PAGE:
Contributed by Carpe Ventus volunteer, Quantas Ginn.
I’ve always felt like a nomad, drifting between cliques and cultures growing up, and even now in adulthood. I’ve been told I “talk or dress white” by white and black people. I’ve felt owned and disowned by every color of the rainbow. Moving from Alaska to Florida to Colorado back to Florida and now Illinois...having traveled to 15 countries, I’ve learned to be a chameleon to blend in.
Raised by parents who themselves were raised in the rural South under Jim Crow, I lived in an awareness of blackness, whiteness, military culture, church culture, college culture, in rural, urban, and suburban settings. It wasn’t until recently that I’ve started to own these nuances that make up me. I’ve begun to value the power of diversity in all of its forms and what each person brings to the table, including myself...
When the Black Panther trailer was released a few months ago something awakened in me. It’s not common to see African cultures celebrated and placed front and center as something to emulate or aspire to. Something in my blackness resonates with a sovereign people that look like me who are valuable, powerful, and matter.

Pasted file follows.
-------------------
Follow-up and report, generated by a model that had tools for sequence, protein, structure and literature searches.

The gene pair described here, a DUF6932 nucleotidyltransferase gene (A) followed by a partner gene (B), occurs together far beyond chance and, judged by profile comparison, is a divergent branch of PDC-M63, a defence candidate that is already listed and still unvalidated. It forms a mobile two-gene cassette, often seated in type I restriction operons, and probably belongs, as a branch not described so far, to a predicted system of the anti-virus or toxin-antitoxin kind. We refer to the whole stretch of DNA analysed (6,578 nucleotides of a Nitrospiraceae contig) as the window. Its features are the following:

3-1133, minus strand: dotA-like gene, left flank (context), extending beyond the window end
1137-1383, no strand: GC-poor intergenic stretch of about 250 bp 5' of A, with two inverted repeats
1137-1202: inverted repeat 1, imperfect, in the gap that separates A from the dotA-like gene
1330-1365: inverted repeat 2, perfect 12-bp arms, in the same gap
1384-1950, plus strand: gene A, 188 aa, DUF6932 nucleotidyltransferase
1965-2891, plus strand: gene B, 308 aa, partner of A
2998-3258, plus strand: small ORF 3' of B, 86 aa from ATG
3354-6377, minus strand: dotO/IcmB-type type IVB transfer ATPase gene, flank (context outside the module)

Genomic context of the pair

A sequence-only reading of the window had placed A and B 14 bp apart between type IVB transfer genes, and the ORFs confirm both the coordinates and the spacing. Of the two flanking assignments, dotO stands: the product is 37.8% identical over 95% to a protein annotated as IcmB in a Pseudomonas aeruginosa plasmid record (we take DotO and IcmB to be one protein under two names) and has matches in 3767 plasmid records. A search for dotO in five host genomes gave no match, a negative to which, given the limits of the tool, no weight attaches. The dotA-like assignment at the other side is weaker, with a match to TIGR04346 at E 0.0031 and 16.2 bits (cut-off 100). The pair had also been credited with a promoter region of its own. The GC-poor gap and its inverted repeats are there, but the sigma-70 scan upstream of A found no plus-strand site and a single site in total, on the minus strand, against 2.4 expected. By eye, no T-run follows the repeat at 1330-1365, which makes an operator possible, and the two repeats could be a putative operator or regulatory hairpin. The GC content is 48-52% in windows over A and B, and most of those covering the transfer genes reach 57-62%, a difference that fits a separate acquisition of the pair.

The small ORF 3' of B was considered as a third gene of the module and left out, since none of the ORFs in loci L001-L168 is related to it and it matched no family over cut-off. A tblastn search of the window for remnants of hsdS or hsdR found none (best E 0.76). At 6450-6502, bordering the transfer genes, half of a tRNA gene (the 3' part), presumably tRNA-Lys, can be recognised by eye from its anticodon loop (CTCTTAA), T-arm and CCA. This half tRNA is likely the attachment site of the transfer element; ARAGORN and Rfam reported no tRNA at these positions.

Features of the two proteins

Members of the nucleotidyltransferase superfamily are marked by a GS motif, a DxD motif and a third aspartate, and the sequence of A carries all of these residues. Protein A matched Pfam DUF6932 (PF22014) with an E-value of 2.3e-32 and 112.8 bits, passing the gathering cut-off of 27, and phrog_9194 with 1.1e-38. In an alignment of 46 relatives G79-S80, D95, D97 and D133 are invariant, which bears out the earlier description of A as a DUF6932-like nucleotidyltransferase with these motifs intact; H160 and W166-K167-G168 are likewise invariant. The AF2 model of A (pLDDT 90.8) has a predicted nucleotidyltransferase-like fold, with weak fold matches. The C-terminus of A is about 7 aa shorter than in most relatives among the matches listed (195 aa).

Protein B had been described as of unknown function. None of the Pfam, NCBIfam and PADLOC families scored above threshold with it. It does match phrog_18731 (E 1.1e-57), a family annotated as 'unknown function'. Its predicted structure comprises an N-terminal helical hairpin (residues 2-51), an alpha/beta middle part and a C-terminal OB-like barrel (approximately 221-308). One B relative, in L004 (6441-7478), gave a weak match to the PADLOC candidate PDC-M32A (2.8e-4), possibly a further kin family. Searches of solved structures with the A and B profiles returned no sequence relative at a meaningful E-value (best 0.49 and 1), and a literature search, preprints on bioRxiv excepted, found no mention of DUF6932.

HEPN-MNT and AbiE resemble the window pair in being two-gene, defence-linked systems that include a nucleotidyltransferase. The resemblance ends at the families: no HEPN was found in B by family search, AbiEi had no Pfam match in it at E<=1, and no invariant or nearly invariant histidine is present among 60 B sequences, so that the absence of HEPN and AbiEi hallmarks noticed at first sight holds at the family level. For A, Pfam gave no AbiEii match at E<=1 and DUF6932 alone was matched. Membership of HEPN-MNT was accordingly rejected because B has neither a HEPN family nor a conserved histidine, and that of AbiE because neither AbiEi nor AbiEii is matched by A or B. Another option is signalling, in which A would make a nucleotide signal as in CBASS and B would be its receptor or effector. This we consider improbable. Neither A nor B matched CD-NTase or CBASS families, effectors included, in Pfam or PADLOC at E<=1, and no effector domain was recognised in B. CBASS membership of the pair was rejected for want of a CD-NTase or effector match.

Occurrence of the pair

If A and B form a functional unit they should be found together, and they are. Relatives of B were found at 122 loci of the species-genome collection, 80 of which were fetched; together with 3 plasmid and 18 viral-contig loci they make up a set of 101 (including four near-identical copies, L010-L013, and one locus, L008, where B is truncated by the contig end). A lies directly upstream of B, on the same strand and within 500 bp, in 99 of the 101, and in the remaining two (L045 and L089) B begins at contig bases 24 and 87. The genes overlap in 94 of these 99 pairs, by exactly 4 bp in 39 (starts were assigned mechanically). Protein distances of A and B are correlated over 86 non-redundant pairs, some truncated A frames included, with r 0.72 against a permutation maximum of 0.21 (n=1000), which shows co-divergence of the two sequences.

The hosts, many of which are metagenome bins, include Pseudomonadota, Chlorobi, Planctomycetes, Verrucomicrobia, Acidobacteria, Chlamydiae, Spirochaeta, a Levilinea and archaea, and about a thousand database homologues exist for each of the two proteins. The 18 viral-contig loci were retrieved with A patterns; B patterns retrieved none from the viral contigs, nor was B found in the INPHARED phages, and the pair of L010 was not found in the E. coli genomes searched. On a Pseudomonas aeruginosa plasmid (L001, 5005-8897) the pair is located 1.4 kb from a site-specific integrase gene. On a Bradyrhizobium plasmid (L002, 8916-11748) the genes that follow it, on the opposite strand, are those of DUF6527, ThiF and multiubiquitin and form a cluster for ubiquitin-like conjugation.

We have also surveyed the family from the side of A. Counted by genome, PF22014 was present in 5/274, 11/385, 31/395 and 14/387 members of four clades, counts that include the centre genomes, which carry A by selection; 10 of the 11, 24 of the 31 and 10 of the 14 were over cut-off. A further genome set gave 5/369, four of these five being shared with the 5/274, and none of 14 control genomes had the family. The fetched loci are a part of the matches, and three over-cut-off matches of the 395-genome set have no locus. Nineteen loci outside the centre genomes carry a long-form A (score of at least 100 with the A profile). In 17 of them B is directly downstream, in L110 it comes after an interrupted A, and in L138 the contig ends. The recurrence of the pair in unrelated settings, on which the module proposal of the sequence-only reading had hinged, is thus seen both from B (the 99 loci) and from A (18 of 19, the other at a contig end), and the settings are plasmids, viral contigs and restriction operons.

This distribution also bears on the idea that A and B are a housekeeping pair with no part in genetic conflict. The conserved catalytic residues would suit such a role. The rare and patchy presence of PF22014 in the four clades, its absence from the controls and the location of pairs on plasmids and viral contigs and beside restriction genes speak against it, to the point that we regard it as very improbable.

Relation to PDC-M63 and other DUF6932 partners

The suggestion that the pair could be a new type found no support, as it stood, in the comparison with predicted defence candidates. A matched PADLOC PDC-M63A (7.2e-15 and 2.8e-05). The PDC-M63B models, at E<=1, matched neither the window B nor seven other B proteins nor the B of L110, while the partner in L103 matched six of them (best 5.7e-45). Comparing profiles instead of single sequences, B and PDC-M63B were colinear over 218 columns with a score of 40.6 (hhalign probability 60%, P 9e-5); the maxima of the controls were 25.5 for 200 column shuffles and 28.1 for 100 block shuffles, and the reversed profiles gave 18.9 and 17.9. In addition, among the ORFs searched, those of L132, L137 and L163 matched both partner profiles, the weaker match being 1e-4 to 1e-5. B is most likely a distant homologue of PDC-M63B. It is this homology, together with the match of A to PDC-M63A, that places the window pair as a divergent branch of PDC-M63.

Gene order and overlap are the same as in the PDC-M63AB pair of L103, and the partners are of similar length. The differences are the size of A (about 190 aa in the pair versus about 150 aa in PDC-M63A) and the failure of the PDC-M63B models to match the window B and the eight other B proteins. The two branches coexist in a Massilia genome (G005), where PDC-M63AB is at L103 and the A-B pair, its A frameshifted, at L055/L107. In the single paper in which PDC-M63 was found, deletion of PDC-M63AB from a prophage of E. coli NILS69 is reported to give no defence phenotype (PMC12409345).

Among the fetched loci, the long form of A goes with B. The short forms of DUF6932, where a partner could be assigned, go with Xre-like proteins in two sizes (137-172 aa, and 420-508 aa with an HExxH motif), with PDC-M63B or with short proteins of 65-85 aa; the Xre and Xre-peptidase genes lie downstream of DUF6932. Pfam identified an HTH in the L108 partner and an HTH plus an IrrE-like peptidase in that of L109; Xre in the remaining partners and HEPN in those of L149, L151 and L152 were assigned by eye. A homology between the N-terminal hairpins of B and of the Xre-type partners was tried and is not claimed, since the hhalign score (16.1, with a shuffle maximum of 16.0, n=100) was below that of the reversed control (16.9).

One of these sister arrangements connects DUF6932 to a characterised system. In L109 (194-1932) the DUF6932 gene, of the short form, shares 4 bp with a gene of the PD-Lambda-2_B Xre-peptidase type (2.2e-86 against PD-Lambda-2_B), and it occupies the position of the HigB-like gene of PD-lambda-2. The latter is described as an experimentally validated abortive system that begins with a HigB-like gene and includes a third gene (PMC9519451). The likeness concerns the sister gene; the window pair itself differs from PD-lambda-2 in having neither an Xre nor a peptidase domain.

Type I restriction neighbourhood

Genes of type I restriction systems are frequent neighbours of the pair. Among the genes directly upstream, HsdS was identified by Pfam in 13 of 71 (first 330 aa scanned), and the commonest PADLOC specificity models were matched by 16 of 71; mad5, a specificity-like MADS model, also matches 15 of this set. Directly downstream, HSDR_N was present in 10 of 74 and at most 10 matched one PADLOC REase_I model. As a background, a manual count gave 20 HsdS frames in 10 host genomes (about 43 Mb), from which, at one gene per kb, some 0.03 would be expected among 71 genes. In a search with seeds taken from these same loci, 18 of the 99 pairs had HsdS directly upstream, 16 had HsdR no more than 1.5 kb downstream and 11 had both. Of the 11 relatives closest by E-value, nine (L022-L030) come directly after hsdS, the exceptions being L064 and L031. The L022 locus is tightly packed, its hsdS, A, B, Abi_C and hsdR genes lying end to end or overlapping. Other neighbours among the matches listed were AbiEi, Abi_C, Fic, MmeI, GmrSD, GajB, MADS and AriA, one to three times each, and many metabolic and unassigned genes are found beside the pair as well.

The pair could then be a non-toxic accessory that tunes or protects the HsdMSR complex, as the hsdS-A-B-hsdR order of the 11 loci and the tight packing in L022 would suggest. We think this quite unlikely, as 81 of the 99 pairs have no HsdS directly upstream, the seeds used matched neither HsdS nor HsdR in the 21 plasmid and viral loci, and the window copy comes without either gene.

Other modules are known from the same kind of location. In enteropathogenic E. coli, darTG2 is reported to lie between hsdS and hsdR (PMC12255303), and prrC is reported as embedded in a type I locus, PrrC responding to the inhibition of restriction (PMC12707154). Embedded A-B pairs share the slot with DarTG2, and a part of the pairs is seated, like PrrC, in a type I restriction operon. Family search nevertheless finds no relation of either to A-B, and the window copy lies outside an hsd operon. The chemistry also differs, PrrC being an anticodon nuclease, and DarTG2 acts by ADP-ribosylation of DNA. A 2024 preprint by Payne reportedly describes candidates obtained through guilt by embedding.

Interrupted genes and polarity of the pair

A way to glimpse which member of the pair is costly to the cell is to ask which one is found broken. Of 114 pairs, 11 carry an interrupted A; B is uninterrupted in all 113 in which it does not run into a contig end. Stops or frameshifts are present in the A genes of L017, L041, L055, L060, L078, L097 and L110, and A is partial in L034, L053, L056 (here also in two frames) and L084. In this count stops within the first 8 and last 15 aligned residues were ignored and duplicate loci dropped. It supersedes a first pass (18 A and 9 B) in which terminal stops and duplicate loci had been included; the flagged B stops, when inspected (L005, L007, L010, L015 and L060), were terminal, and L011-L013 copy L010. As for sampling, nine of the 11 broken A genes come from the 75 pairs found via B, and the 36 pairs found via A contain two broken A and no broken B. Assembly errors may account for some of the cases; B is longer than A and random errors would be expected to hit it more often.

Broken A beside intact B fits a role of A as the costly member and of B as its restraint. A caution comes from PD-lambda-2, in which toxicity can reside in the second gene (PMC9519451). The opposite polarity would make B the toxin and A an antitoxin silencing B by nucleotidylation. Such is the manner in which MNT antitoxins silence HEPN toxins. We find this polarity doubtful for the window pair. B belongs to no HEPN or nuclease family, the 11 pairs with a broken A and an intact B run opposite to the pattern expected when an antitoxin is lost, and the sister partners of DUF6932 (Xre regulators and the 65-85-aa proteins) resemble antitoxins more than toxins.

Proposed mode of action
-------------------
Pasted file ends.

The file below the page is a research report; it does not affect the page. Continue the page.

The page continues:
I went to see the film opening night to take in this spectacle and I was not disappointed! The costumes, the soundtrack, the beautiful, black skin...I knew I had to take little black boys and little black girls to see this movie. So I got to see it a second time. And there are more kids I want to see it, so I hope to see it for a third and fourth time. Rest assured, when the DVD comes out I will be one of the first ones to buy it. I will be that guy who watches all of the special features just to get more of this monumental event in cinematic history.
Black Panther is more than just a comic book movie. It’s about inspiring the next generation of little black boys and little black girls. The purposeful depiction of black heroes shows them that they are valuable, they are powerful and they matter.